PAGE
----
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Don't congratulate the administration on avoiding Russian retaliation. The humanitarian crisis in Syria remains, and the real collision course here is between Israel and Iran.
With global tensions on the rise, Israel could find itself alone, both in the struggle to prevent a nuclear Iran and in trying to contain Iran's actions in Syria.
Crises between the State of Israel and Christian institutions will continue to arise, unnecessarily, until Israel creates a central authority to manage a coordinated strategy regarding relations with Christians.
Russia may demand due consideration, but Israel has proved time and again that it will not allow Iran to tighten its grip on Syria, even if doing so stokes regional tensions.
Israel and America must avoid one-fit-all options regarding the military challenges in different parts of disintegrating Syria.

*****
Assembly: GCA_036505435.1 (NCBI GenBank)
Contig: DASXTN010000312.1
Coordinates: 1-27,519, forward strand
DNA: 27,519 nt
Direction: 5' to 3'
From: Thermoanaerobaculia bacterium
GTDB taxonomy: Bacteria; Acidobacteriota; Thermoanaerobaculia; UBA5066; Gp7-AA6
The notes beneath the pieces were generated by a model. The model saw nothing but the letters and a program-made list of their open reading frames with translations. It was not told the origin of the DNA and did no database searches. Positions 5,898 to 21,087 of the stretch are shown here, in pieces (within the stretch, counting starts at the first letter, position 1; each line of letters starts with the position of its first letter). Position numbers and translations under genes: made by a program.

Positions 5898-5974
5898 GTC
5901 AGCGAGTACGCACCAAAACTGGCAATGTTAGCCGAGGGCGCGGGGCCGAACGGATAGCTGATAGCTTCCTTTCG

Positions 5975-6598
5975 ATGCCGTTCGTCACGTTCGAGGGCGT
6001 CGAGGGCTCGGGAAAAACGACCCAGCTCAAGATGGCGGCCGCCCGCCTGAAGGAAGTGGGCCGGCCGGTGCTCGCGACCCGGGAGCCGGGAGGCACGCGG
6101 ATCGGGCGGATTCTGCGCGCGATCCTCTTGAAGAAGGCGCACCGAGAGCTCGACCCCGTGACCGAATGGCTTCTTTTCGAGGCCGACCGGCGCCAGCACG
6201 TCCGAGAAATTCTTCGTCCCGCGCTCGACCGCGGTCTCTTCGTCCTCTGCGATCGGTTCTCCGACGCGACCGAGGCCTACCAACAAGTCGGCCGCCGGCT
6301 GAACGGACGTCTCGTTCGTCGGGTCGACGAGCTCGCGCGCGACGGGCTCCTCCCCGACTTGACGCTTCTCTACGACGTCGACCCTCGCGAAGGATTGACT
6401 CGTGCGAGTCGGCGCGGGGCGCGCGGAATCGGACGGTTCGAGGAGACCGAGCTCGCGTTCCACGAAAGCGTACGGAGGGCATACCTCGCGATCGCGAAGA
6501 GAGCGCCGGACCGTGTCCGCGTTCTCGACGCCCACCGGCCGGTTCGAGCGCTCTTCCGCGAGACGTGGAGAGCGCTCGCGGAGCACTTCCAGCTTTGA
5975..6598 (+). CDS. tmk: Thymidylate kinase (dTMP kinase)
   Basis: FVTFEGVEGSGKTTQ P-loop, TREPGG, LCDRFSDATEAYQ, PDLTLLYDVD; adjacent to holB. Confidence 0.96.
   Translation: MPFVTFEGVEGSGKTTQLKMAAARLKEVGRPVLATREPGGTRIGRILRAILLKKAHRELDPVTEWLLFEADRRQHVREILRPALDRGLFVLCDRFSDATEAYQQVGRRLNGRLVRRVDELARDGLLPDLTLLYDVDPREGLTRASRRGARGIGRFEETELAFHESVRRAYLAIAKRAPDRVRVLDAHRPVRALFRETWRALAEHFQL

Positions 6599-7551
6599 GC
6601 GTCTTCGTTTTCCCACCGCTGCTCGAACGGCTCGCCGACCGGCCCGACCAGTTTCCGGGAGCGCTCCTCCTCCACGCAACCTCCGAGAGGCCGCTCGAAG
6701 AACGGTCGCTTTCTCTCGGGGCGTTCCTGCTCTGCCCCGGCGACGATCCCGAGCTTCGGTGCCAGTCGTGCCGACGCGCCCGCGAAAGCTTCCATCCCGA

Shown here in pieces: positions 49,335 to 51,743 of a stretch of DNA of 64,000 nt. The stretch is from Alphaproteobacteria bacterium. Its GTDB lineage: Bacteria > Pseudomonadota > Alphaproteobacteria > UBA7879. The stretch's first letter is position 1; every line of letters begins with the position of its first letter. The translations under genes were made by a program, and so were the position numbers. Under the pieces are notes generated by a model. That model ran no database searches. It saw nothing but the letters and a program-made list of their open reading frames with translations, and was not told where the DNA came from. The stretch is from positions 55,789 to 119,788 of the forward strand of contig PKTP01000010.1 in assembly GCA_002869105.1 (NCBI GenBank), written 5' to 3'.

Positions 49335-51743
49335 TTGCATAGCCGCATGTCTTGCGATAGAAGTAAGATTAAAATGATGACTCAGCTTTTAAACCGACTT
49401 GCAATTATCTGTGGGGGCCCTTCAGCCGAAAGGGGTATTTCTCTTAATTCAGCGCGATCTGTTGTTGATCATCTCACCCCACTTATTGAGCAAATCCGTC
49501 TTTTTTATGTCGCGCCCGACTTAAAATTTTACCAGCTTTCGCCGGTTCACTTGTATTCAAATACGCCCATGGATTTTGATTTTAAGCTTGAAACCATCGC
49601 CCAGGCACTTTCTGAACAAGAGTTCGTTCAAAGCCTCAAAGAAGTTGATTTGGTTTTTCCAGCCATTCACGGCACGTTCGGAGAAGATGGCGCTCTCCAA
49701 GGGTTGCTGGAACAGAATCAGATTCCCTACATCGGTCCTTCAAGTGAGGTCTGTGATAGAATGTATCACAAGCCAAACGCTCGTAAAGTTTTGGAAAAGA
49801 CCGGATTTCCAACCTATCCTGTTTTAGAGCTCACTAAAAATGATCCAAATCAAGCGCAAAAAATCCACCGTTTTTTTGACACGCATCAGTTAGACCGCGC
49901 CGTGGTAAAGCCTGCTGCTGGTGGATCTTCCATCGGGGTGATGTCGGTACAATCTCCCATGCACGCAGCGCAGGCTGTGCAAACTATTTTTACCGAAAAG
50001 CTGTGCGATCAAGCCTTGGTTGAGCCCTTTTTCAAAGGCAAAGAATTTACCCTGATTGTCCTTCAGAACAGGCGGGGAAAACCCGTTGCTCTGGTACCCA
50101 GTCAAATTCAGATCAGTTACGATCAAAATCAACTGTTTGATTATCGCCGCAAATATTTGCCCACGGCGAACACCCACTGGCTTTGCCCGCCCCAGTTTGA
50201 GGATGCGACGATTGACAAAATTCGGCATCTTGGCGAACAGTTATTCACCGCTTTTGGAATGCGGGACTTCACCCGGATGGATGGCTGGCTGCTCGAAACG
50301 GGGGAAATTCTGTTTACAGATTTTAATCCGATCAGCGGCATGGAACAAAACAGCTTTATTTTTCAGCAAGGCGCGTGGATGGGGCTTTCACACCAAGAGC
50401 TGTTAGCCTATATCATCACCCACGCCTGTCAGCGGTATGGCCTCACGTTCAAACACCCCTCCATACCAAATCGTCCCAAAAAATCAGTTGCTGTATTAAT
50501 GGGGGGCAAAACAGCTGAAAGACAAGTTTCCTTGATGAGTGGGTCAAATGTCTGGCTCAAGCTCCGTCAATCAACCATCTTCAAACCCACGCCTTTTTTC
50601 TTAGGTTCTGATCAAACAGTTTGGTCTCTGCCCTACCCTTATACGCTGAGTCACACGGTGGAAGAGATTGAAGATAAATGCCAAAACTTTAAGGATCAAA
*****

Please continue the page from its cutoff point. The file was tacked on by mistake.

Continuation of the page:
All indications suggest that for Turkey, the recent battles were only a phase in a larger process. So where might Turkey turn next? And what is the goal of the Turkish campaign?
In spite of the impressive international front against Russia following the former spy's poisoning in Britain, its activity seems to be limited mainly to rhetoric and diplomatic gestures, which will not achieve Russia's isolation
President Erdogan is taking Turkey in dangerous directions. The conquest of the Kurdish 'Afrin enclave lends momentum to his ambitions. Erdogan must pay a manifest price for leading Turkey towards dictatorship and Islamism.
Given the bad nuclear deal signed with Iran, Israel must be diligent about risk management; no matter how relentless intelligence gathering efforts are, not all threats can be countered. Israel will not allow enemy states to go nuclear.
The Global Forum for Combating Anti-Semitism, which met last week in Jerusalem, needs focus.